[parallel_design1_design2]:

[DESIGN]:

parallel_design1_design2 (:root;)

design1 (: A;)

design2 (: B;)

[IN]:

[root]: <absrt1, absrt2>

[A]: <abs1, abs2>

[B]: <abs3, abs4, abs5>

[OUT]:

[root]: <absrt2>

[A]: <abs2>

[B]: <abs5>

In this case, the two example designs (e.g., clean_room and train_for_wrestling) share exactly the same structure. Only the names of the designs and the solution rules and abstract values in those designs have been changed. In effect, specific operations (and the abstract values describing their behavior) have simply been replaced with generic “placeholders”, keeping exactly the same data structures. For reference purposes, we may refer to the above design definition as a shared or template design. This example illustrates the most restrictive case—a design template that contains all designs having a structure that is identical to each of the similar designs. Other design templates will be less restrictive. As illustrated below, design templates may have different numbers abstract values, different numbers of inputs, etc.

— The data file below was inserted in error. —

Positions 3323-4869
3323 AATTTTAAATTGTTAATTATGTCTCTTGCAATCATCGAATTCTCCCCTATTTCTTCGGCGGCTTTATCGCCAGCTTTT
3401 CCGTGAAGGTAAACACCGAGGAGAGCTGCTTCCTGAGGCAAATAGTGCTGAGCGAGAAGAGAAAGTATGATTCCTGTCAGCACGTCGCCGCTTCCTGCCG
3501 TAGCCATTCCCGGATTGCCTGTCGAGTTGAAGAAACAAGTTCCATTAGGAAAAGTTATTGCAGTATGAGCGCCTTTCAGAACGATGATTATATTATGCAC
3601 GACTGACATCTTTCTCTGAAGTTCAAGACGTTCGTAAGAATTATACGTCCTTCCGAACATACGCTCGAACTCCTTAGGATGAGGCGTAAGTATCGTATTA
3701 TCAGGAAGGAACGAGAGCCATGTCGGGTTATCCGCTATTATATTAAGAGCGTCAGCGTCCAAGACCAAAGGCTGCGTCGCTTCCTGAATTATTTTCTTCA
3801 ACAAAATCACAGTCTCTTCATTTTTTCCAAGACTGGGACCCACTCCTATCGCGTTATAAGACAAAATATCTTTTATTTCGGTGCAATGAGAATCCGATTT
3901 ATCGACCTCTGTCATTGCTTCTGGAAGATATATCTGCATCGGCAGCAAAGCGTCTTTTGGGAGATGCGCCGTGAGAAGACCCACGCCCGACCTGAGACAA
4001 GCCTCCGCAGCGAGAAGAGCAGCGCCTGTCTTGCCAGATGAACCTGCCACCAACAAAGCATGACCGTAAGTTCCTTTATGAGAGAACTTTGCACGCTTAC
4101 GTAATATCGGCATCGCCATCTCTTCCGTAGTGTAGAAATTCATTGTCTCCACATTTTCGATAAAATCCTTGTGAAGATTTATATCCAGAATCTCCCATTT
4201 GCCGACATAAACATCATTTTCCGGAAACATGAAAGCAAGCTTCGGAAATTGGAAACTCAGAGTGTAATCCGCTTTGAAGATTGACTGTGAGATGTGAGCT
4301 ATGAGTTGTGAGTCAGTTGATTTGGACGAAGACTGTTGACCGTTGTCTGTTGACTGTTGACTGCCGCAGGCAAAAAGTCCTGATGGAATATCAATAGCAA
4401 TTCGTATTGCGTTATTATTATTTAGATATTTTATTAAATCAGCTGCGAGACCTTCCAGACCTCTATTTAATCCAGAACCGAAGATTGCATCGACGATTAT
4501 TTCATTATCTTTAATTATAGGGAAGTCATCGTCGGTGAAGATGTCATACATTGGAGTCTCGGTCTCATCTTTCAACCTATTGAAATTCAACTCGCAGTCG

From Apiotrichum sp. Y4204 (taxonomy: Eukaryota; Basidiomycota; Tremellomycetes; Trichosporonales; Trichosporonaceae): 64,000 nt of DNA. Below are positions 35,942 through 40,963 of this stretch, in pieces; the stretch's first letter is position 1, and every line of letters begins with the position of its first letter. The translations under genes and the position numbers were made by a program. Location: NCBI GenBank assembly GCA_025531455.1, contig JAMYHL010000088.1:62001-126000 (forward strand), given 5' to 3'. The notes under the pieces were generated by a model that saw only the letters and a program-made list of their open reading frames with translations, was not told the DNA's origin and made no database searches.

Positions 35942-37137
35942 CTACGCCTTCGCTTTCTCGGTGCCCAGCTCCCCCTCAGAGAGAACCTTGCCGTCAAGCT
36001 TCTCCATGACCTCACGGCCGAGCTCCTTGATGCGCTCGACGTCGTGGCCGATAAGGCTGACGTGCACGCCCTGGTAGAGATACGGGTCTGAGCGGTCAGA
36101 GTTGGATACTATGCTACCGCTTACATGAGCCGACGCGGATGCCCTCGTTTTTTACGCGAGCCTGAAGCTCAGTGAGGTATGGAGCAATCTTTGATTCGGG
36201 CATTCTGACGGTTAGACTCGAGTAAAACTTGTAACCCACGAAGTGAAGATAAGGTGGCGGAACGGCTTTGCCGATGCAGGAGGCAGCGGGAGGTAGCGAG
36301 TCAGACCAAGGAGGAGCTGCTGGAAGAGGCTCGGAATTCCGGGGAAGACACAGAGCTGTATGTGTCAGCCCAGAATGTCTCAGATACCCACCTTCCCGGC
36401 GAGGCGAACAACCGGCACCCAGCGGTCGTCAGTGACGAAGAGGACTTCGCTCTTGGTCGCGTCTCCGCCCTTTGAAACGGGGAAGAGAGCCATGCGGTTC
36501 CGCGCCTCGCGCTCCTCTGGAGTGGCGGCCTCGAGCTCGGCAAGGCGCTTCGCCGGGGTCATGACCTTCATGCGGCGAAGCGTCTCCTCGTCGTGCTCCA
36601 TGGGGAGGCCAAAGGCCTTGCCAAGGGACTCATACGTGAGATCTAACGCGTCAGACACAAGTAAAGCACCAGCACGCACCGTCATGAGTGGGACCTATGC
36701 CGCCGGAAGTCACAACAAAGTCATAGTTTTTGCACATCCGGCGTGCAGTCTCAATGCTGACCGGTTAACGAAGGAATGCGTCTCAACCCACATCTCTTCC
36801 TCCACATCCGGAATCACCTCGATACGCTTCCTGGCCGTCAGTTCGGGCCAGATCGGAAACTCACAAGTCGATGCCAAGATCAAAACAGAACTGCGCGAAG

Whereas design templates are abstractions and/or generalizations of previously derived designs, inputs to higher order specifications are abstractions and/or generalizations of specification and design resources. In particular, the resources in a shared resource or input template (i.e., higher order specification input) must be sufficient for constructing designs in the corresponding design template. In the above examples, these resources include the solution rules make, vacuum, aerobics and weight_training. The analyst, of course, must determine input resources. Having identified a set of resources, the next step is to define an abstraction and/or generalization that provides a sufficient basis for constructing the corresponding design template. The two resources required for constructing parallel_design1_design2 (above) are represented below. (These pairs of resources will be inputs in a higher order specification.)